Legends of F1: Eight, Jackie Stewart

Jackie Stewart (Photo by Victor Blackman/Daily Express/Hulton Archive/Getty Images)

Our legends of the F1 series continues this week with the man ranked eighth; the Flying Scot, Jackie Stewart. The Scotsman replaced his fallen comrade Jim Clark as Scotland’s number one athlete. Stewart’s smooth style of driving propelled F1 into the 70s. In doing so, he won three world championships that solidified his legend. The 60s belonged to Graham Hill and Jim Clark; the early 70s belonged to Jackie Stewart.

A Triple World Champion

Jackie Stewart burst onto the F1 scene in his sophomore year as he finished runner-up in the championship. A year later, in 1969, he would win the title after winning six races in that season. There were several dominant performances, such as his win in Monza when he lapped the field twice. Stewart did the same in Silverstone earlier that season. His smooth driving style allowed him to be consistently fast across all conditions.

Stewart would leave the Matra team after the 1969 season. He signed for Tyrell; 1970 was a learning year for him in a new team. After that development year, Steward would win the championship in 1971. It was another year where he took the checkered flag six times, Stewart was in control all season long. Plus, he did it while racing in the Can-Am series. That’d be like Lewis Hamilton racing F1 and IMSA this year. The Flying Scot even contracted Mononucleosis for his troubles. 1972 saw his season get derailed due to a flurry of illnesses; he even contemplated retirement before 1973, a severe bout of Gastritis led him to question his future.

However, the then double world champion put aside the retirement for one more shot in F1, he duly took the world championship in 1973. Stewarts wasn’t at his brilliant best of 1969; nevertheless, his car was fast enough to allow him to use his veteran instincts to win the third title. That was his last season in F1; he walked away on top of the world.

A Monaco Master

Like his predecessor’s Graham Hill and Jim Clark, Stewart tamed the streets of Monaco. He won thrice in the principality while taking four pole positions. Qualifying in Monaco is the ultimate test of a racing driver; it requires supreme precision and utmost bravery. Monaco is on the bucket list of every F1 driver; to be considered a legend, one must master the Monte Carlo streets. Steward did; it could’ve been even more if his car didn’t break down in 1968.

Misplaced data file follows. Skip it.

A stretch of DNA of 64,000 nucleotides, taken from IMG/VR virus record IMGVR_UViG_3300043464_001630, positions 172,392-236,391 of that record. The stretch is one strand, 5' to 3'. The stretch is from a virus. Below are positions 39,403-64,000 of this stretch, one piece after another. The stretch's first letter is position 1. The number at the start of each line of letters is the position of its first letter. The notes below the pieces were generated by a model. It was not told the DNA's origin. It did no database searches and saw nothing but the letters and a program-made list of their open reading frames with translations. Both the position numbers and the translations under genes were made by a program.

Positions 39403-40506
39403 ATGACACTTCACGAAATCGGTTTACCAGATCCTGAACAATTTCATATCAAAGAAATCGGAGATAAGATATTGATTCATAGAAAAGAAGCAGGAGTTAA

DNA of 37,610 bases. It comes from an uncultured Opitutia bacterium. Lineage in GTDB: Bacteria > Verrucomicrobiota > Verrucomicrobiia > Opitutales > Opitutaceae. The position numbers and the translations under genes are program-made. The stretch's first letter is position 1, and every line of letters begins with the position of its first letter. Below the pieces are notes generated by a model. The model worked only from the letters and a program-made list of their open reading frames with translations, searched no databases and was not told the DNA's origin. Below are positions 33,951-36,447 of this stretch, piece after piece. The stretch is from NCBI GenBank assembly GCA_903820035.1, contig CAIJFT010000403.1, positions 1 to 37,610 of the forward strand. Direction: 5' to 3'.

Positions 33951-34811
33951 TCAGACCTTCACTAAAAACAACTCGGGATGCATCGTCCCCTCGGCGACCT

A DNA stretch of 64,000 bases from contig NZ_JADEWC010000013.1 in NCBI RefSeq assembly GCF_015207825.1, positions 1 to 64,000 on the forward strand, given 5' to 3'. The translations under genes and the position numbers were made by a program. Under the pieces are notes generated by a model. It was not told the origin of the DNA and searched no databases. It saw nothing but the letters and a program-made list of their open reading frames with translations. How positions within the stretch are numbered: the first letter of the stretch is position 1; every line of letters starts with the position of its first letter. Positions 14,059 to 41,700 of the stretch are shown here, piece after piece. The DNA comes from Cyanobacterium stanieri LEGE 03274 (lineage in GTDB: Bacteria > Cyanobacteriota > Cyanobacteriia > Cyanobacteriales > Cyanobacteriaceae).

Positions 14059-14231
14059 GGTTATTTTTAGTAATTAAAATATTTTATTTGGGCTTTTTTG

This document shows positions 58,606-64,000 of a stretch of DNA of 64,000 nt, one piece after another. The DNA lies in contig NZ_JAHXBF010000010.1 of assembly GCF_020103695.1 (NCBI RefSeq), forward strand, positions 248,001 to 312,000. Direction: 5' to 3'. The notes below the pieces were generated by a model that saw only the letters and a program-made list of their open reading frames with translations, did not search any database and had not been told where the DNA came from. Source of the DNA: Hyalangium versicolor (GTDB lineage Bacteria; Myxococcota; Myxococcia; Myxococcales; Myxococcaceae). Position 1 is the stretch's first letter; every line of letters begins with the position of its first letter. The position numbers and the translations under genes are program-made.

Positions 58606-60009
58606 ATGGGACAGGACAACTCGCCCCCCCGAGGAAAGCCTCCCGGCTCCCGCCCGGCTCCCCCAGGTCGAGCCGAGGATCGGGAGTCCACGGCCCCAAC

Triumphing Through Tragedy

Car racing is dangerous; it will always be hazardous. Jackie Stewart lived through one of the deadliest periods in F1 history. His mentor Jim Clark was killed in a crash in Hockenheim. At the same time, his good friend Jochen Rindt died in 1970. Stewart experienced his own brush with death in 1966. He crashed at a soaking Spa Francorchamps; he was racing at 165 mph when his car went off track. Racetracks back then were not surrounded by safety measures as they are now, flimsy fencing, hay, trees, and public buildings all lined up outside the track in the 60s.

Stewart’s crash was a classic example; his car barrelled through straw and grass that did not slow him down, the vehicle eventually crashed into a farmer’s outhouse. His body got trapped underneath his vehicle while the fuel tank was starting to leak. There were no marshals or safety crews at the time; it seemed as if it was over for him. Until Graham Hill and Bob Bondurant spotted damage on the track’s side, they investigated, which led them to the helpless Stewart. The duo extracted Stewart from the wreck; they saved his life.

After experiencing so much trauma in his career, Stewart plus the other drivers rallied together to campaign for better safety measures at racetracks. Due to their lobbying, the FIA finally implemented safer barriers, safety crews, and marshals. The drivers started a relentless push on safety, since that time, the FIA relentlessly looked to make the sport safer. It is still going strong in the present; after Romain Grosjean’s horrifying crash, the FIA will strive to implement more measures. The fact that Grosjean survived is a testament to what Stewart and his friends started in the early 70s.

The Legacy

Jackie Stewart’s legacy is incredible. He enjoyed remarkable success as a driver; he trailblazed a path for safety in F1 and was successful as a team owner. Add all that to a fantastic broadcasting career, Jackie Stewart is one of the tentpole figures in F1 history.

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About Tayyib Abu

I am a massive fan of sports and all the entertainment they can bring. I enjoy writing and have been doing it for a year now; I bring opinion, passion and insight. I am also a fan of Newcastle United, Detroit Lions and the Detroit Tigers. Therefore I am an expert on heartbreak.

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